Volkswagen Group Diesel Efficiency Foundation is a non-profit foundation that, in cooperation with Consumers Union, represents the interests of current and former owners and lessees of Volkswagen Group diesel vehicles with emissions cheating software. Volkswagen, Audi, Skoda and Seat marketed these cars as “clean,” but that turned out not to be true.
The U.S. Environmental Protection Agency announced on Sept. 18, 2015, that Volkswagen cheated on the U.S. emissions tests. U.S. regulators revealed that certain Volkswagen diesel cars were designed to meet emissions standards only during official laboratory tests (e.g., to determine whether the cars met emission standards). The Volkswagen cars used special software for this purpose. While driving on the road, the cars emitted excessive and harmful nitrogen oxides (NOx). NOx or nitrogen oxides are harmful to humans, animals and the environment, and NOx emissions were and are strictly regulated.
The deception was not limited to vehicles in the United States. Kraftfahrt-Bundesambt (the “KBA”), the German vehicle type approval authority, announced on Sept. 25, 2015, that Volkswagen AG had also installed this software in Europe (including in the Netherlands) in vehicle models with the EA189 1.2, 1.6 and 2.0 liter diesel engines. This manipulation software could tell when the cars were in a test environment (for example, because the steering wheel was turned further than it is in laboratory, or because a certain distance had been covered) to ensure that the car would meet the emission standards only in those test situations. Outside of the test environment, these cars emitted excessive and harmful pollutants.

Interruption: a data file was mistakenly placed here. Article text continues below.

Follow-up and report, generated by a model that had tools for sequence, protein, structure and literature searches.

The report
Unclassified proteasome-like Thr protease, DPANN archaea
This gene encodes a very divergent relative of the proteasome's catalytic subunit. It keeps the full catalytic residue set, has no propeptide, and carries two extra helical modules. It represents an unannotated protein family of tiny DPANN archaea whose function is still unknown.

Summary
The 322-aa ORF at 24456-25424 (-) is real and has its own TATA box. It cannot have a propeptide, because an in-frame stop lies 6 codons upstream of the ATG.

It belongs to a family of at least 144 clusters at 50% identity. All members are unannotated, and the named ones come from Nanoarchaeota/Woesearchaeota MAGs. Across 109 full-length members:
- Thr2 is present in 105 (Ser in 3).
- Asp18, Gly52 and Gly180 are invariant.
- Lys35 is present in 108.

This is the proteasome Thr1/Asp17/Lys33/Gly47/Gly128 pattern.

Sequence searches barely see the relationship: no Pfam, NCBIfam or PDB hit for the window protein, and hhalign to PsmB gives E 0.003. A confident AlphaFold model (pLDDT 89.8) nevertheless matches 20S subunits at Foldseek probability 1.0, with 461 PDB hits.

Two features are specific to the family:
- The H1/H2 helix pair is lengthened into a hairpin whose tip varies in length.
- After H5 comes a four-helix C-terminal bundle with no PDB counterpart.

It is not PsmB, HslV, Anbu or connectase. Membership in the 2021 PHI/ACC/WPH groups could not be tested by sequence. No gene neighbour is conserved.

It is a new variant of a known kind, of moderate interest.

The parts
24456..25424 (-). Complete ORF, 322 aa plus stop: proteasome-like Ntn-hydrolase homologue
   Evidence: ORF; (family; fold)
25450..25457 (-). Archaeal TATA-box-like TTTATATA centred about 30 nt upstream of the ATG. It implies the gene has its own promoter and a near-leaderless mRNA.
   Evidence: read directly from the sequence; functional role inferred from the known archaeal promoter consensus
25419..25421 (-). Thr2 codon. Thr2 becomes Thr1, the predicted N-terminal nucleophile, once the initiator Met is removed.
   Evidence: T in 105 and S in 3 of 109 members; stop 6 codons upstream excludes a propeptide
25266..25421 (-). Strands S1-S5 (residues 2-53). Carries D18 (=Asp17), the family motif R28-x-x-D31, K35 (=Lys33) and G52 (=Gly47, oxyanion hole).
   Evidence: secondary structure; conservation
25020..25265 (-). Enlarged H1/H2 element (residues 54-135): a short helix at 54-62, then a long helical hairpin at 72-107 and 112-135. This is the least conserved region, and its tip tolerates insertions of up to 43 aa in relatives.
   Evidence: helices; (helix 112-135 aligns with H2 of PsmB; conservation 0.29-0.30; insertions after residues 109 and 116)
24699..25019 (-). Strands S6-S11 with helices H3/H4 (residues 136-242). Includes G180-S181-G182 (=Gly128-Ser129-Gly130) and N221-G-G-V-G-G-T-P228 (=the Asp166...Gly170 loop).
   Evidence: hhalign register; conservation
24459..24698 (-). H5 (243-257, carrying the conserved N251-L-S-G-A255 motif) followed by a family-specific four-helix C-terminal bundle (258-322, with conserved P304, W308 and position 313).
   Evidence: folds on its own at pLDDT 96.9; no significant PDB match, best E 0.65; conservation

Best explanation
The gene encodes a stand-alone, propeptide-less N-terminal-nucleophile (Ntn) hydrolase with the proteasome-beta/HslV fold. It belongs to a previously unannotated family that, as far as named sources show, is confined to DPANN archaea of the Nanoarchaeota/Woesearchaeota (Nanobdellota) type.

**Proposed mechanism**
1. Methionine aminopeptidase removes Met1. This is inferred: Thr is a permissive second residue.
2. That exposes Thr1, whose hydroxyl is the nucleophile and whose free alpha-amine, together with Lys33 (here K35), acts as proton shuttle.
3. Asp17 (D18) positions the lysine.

Ultimately, the Consumer & Market Authority (the “ACM”) concluded that Volkswagen AG was guilty of unfair trade practices for selling and leasing these vehicles to consumers as environmentally friendly and green, when in reality, they were emitting excessive levels of pollutants. The ACM imposed a fine of EUR 450,000 (the maximum fine) on Volkswagen AG for misleading consumers.
Volkswagen was required by Germany’s KBA to provide a software update for all relevant vehicles. The European Court has since ruled that even after that update, the cars were likely still equipped with a prohibited manipulation device.
If you bought or leased a Volkswagen, Audi, Skoda or Seat diesel car manufactured from 2008 onwards (model years 2009 and later), you can join the Foundation. If your car contained manipulation software, the Foundation will stand up for your interests. Sign up by clicking on the link below.